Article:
While watching my husband put on deoderant the other morning, my preschool aged son asked his daddy what he was putting on his “fur.”

  2. 102
    Regina Gibson says:

    I hope Minnesota got a full measure of God’s Spirit poured out all over them. Some of us Nashville girls were lifting y’all up. Much love.

    In Christ,
    Regina Gibson

  3. 103
    Kassy says:

    Beth–I just returned from Minneapolis. So, so, so blessed. Thank you. I’ve been reading the blog for several months but never posted.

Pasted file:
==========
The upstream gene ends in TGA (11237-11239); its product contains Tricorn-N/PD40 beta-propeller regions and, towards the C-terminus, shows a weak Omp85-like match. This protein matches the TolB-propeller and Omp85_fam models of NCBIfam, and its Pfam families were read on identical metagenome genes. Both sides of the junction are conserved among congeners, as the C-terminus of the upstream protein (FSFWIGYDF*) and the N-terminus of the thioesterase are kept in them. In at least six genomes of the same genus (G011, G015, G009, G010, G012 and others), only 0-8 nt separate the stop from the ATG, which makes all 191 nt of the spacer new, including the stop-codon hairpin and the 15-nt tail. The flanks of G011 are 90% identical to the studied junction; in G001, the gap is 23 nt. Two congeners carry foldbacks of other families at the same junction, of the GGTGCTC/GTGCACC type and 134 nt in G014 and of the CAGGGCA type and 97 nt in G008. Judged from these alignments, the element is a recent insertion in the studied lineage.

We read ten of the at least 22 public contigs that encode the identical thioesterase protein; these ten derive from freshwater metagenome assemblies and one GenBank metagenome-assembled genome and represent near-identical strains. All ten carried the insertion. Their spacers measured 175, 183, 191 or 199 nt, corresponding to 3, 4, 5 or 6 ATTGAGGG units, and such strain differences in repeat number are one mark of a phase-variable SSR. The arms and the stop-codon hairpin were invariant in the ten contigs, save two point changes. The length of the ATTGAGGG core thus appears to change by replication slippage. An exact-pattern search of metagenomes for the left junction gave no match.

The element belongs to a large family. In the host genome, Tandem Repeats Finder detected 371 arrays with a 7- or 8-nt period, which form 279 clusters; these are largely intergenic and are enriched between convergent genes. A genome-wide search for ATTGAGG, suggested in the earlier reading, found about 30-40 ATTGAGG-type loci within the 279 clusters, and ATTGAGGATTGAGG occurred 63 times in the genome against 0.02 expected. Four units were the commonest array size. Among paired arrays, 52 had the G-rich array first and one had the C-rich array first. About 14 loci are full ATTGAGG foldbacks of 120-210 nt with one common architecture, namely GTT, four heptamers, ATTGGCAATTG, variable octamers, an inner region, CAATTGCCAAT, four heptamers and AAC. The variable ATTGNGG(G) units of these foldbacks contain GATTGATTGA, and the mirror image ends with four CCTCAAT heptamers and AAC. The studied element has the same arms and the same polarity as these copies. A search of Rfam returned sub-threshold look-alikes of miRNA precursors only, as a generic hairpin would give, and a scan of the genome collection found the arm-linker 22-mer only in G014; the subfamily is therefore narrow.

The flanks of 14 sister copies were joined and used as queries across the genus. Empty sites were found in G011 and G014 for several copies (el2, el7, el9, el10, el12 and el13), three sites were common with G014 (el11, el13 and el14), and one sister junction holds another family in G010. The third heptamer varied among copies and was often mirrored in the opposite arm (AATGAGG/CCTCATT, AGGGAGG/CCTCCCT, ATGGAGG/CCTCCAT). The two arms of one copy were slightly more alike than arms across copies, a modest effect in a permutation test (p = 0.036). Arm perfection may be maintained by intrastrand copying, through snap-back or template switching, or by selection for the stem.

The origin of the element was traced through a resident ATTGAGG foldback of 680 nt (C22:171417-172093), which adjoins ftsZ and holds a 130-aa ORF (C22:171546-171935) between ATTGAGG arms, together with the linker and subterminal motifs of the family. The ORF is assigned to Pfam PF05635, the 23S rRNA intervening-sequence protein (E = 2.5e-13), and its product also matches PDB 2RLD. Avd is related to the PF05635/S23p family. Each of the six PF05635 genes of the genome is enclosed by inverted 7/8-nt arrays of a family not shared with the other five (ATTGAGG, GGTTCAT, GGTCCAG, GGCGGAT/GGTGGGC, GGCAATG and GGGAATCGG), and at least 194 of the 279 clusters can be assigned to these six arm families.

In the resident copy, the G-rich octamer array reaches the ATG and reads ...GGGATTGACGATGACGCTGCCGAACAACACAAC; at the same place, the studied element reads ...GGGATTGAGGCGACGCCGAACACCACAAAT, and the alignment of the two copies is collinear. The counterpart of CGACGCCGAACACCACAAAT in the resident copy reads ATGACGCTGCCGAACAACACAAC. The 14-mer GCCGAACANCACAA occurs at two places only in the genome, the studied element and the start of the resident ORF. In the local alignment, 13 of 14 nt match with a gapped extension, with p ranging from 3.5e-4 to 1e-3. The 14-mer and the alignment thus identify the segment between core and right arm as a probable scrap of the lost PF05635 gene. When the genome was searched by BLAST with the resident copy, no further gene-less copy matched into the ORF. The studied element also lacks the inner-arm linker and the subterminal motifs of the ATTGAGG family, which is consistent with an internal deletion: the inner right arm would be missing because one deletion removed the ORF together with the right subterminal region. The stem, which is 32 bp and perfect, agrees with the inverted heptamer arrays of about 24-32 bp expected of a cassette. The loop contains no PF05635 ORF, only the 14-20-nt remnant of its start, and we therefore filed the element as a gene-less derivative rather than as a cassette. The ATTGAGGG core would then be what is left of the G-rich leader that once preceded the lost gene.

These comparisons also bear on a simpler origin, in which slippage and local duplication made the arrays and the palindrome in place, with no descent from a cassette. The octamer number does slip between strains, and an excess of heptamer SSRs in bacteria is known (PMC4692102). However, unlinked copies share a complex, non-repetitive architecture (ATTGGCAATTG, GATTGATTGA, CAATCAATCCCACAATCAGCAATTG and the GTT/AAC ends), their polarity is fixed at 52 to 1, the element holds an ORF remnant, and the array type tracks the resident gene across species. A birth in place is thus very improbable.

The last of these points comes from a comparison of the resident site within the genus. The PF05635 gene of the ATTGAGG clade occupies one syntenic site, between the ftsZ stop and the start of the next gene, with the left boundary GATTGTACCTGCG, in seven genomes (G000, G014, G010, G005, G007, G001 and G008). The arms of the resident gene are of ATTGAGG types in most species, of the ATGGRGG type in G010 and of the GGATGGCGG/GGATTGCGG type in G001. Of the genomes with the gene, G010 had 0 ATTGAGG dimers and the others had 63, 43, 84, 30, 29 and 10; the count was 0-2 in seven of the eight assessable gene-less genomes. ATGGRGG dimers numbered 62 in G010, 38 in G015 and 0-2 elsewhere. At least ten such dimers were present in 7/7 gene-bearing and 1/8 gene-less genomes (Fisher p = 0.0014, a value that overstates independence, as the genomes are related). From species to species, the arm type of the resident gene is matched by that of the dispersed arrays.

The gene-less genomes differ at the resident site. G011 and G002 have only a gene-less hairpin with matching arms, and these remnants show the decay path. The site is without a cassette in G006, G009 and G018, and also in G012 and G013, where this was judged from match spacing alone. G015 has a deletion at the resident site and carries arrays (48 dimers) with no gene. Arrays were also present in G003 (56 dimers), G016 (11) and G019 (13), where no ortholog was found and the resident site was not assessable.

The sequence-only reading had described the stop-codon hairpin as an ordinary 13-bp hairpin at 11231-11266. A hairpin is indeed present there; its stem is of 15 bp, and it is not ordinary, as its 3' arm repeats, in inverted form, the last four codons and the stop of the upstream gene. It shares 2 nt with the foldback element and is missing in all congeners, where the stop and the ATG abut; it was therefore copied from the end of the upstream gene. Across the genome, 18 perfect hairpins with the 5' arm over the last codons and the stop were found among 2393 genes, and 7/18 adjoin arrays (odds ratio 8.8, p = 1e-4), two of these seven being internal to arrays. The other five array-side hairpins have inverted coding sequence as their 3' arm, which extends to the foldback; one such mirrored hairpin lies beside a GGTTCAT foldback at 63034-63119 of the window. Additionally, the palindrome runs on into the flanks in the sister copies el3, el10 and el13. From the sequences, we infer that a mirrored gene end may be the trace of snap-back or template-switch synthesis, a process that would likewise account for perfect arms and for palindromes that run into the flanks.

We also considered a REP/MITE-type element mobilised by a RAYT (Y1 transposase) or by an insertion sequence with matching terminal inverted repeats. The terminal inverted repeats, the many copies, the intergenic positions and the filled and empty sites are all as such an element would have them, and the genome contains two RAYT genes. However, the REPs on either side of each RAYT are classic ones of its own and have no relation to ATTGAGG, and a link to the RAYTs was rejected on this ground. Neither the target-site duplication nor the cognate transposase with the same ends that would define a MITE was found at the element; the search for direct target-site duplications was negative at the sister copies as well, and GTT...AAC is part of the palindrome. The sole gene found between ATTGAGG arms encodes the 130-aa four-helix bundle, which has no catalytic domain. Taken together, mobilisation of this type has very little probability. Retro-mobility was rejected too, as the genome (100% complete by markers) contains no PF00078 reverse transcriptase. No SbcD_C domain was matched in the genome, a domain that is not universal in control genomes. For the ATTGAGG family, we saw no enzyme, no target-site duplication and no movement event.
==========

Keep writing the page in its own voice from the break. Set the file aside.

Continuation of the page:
Anywho–ya’know Neil Diamond’s song, “Forever in Blue Jeans”. Until about 2 years ago, I always sang, “Reverend in Blue Jeans.” heehee.

  4. 104
    Missy says:

    skating ring-skating rink
    Harold, an angel- “Hark the Harold angel sang”
    “Point the way back to Jamaicca”-“Point the way back to the Maker”

    These have been so much fun! Maybe another “BOOK” is in the makings! 🙂

  5. 105
    Lisa in Ft. Worth says:

    Another favorite from my son —

    He once explained to me that raccoons are able to wash their food and grasp things as they do because they have disposable thumbs.

    At the wise old age of 10, he now knows it’s “opposable,” but we find the original imagery extremely amusing. 🙂

  6. 106
    cindy<3's being His princess says: